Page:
Visiting Corcovado National Park of the Osa Peninsula
Corcovado is located in Costa Rica’s South Pacific region in the Osa Peninsula. Corcovado National Park is one of the most unique and biodiverse places on the planet and visiting the Peninsula is a real treat for the nature lover. It contains over five percent of the world’s animal population just within that small area, making it a popular ecotourism destination. For example, the national park is said to contain the entire ecosystem of insects that is found between Panama and Mexico. Additionally, National Geographic describes it as the “most biologically intense place on Earth in terms of biodiversity.”
In 164 square miles you’ll find the largest primary forest on the American Pacific, cloud forest, mangrove swamp, pristine beaches, waterfalls and lowland tropical rainforest. You can spot species of birds like scarlet macaws and the harpy eagle, tapirs, crocodiles, ALL 4 monkeys being the howler monkeys, spider monkeys, the white-faced capuchin and squirrel monkeys. White-lipped Peccaries, amphibians like the red-eyed tree frog, anteaters, sloths, jaguars and pumas (unlikely, but not impossible). You can also go diving in the Peninsula and spot marine animals rays, see turtles, sharks such as bull sharks, moray eels, dolphins, … Corcovado National Park is the explorer’s, ecotourist’s and backpacker’s dream. Even experienced beach lovers will be amazed by the incredible Corcovado beaches. A trip of a lifetime!
There are many National Park Tours available in Corcovado and several trails to hike. You must have a guide when you are hiking through the national park. Throughout the park you’ll find 5 ranger stations, two with camping areas (upon reservation). East of Puerto Jiménez you’ll find the Osa Conservation Headquarters. You can contact the park 7:30am-12 and 1:00pm-5:00pm Monday to Friday. (2735-5580, 2735-5036). The trails are: San Pedrillo, Llorona, Sirena, leona, El Tigre and Los Patos. Corcovado might be best avoided during rainy season when the floods and rain can cause some real danger.
Within Corcovado you can find 13 major ecosystems with stunning flora and fauna, all four monkey species, all four sea turtle species and over 40 frog species. In addition there are 100 butterfly species, 10,000 insect species, several types of snakes, over 25 lizard species all six feline species, tapirs, crocodiles, peccaries and over 400 bird species like macaws! Keep your eye out, listen to your guide at all times and bring your camera. Your wildlife experience in Corcovado is sure to be one you’ll never forget.
Camping is a great past time in Corcovado. Accommodations can be found at the park’s headquarters and research center, La Sirena, on the Pacific Coast. Reservations are required. La Leona Ranger station also has a camping spot with an outdoor shower. The San Pedrillo ranger station has bunks and showers (must make reservations). Each Station has excellent hiking trails! You can also check out the Corcovado Adventure Tent Camp.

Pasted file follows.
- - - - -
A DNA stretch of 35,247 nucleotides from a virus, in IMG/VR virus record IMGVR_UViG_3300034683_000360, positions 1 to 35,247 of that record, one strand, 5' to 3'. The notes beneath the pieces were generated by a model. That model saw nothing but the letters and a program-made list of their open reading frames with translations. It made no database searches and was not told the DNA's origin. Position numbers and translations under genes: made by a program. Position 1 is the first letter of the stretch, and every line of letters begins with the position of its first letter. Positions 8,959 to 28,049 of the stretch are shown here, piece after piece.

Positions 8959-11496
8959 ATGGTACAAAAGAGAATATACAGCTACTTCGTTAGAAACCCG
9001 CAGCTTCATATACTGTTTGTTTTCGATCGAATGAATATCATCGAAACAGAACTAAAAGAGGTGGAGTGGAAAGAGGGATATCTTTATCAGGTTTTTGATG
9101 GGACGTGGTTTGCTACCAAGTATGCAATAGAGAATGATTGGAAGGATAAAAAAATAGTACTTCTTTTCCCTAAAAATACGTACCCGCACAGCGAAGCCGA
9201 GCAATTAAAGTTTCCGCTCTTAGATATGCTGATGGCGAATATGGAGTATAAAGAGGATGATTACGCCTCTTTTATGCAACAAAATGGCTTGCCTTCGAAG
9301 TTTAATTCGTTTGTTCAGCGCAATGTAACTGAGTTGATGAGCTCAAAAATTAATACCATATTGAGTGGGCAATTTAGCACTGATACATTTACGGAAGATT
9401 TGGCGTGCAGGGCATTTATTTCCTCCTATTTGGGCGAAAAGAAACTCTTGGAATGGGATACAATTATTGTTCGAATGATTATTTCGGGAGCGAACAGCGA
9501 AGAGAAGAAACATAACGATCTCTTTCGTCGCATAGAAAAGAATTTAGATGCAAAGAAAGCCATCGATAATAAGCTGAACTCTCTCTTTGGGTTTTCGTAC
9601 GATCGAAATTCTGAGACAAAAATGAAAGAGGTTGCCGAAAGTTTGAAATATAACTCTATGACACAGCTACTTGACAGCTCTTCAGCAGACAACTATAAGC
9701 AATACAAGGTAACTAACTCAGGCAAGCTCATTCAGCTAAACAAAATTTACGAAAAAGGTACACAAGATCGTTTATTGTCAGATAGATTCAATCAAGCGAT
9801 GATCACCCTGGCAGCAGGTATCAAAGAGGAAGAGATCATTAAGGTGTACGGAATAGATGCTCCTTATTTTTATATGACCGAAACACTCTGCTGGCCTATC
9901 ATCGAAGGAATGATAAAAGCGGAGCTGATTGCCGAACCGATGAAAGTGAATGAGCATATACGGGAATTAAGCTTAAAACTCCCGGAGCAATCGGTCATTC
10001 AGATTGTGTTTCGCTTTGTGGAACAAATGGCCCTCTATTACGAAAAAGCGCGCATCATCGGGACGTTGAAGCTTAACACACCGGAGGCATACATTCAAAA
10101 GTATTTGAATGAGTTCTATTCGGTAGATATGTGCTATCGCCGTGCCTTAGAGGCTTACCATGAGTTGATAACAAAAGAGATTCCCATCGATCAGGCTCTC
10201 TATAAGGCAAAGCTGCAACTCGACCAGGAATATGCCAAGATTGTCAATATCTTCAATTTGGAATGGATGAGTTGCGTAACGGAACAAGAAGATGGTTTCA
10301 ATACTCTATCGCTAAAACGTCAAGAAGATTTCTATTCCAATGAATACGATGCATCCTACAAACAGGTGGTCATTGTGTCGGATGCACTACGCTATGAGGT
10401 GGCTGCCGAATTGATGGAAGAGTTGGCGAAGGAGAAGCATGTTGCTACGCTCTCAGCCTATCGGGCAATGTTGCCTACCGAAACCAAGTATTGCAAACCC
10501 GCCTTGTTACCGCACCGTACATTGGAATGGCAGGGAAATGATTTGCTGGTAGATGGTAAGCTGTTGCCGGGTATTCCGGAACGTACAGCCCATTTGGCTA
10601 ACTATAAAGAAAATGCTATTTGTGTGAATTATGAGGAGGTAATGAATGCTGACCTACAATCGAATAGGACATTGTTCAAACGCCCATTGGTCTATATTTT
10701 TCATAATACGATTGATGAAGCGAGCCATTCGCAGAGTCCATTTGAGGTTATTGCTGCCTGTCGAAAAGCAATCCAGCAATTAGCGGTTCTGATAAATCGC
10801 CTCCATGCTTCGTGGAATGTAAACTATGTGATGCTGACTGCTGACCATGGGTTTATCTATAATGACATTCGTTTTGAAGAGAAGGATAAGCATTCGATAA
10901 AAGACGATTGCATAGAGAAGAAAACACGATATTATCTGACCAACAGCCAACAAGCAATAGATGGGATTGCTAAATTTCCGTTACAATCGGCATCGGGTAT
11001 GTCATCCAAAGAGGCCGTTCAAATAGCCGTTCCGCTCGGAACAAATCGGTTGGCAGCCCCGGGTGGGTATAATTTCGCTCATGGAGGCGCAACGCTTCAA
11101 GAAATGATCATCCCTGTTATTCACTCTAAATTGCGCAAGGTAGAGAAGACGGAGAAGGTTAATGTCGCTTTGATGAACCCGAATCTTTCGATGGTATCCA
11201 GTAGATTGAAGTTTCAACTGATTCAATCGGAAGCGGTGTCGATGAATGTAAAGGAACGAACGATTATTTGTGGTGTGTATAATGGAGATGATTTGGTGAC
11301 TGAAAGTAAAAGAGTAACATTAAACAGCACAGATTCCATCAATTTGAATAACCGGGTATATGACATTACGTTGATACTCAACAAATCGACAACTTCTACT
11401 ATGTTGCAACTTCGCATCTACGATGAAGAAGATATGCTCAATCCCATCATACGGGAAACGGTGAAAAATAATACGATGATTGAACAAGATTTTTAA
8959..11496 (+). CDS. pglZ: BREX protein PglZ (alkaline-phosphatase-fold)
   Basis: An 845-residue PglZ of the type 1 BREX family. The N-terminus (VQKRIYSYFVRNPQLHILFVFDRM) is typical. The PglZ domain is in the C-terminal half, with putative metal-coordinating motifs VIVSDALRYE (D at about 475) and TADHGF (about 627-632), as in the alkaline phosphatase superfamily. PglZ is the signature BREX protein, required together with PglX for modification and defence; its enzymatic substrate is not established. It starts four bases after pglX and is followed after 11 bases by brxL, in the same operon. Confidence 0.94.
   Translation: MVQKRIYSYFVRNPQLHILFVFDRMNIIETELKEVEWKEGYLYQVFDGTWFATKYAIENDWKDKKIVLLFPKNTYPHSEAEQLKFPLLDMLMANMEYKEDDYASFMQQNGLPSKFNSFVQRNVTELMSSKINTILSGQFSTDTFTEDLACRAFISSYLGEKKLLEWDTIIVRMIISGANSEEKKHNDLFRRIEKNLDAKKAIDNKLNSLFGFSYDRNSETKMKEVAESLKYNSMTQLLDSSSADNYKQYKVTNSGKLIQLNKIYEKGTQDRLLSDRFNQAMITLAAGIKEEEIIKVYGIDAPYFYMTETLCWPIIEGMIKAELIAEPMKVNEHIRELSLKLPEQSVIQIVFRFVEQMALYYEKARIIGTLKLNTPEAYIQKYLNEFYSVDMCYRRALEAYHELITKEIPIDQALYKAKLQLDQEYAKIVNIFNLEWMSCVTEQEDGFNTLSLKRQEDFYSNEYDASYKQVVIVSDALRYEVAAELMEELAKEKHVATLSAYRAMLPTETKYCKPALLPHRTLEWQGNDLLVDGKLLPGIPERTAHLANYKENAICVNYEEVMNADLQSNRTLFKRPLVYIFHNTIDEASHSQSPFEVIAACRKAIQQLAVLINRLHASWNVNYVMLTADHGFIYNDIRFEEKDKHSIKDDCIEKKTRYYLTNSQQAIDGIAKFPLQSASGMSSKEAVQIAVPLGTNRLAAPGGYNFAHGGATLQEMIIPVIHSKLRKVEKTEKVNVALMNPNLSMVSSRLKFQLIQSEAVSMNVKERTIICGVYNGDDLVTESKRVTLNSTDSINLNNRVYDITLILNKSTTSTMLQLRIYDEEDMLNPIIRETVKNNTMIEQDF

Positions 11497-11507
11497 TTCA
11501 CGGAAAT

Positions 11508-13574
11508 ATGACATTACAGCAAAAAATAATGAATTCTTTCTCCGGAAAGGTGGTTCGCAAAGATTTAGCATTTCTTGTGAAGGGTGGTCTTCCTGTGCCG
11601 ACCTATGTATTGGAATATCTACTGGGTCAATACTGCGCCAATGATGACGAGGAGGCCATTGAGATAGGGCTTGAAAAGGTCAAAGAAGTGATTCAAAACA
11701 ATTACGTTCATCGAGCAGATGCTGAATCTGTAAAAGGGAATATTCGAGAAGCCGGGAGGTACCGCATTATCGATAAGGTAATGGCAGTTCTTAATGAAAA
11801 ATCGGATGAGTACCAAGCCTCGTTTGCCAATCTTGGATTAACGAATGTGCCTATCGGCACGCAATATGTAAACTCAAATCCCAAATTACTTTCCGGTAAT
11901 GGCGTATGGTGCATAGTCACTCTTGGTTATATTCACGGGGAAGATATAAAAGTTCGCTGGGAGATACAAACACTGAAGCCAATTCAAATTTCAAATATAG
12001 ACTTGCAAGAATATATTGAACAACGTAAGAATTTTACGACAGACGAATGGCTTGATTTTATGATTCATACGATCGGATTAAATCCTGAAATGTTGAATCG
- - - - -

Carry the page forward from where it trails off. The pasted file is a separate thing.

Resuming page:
Visit between January and April:
January-April are the driest months in Corcovado and great if you are camping.
Between the fierce tropical sun and humidity, it’s easy to get dehydrated, even if you think you’re drinking enough water.
Use Skin So Soft:
Purrujas (no-see-ums) are not affected by DEET. Use Skin So Soft to keep insects away.
Watch for poisonous snakes:
You probably won’t see many snakes, but there are many poisonous snakes in Corcovado so watch your step and be careful where you put your hands.
Watch for Africanized Bees:
Most likely to appear in Puerto Jiménez, Africanized Bees (killer bees) are known to attack. Moreover, if attacked, flee by dodging back and forth instead of running in a straight line.
Watch for Peccaries:
Endangered peccaries travel in family groups (up to 30). They aren’t usually aggressive towards humans but if you see them, don’t startle them and climb a tree until they are gone.
Cross rivers upstream:
When crossing rivers, go as far upstream as possible and find the shallowest parts. Crocodiles and Hammerhead Sharks are often found in the Rio Claro and Sirena estuaries.
Beware of riptides:
The beaches in Corcovado National Park are known for their powerful riptides. If you get caught in one, swim parallel to shore until you get free and then head back.
Closest International Airport: Juan Santamaria International Airport (SJO)
The best way to go to Corcovado is to fly from San Jose. You can find domestic flights for $80-100. It’s also an option to charter a private flight to the Sirena Ranger Station (located in middle of the park). Finally you can fly to the Palmar Sur Airport and get to the park through Sierpe. Driving to Corcovado National Park is possible but it takes a long time and sometimes the roads are quite inaccessible. A solid 4-wheel-drive vehicle is a must.
Within Corcovado National Park, the food regulations are very strict and food is prohibited. You can find food in the Sirena and El Tigre sectors, but you must make reservations. In Drake Bay you can find a variety of options including seafood and traditional Costa Rican food (don’t forget to try a Casado!). In Puerto Jiménez you can find even more options. From cheap sodas to high end steakhouses, everyone will find their favorite food!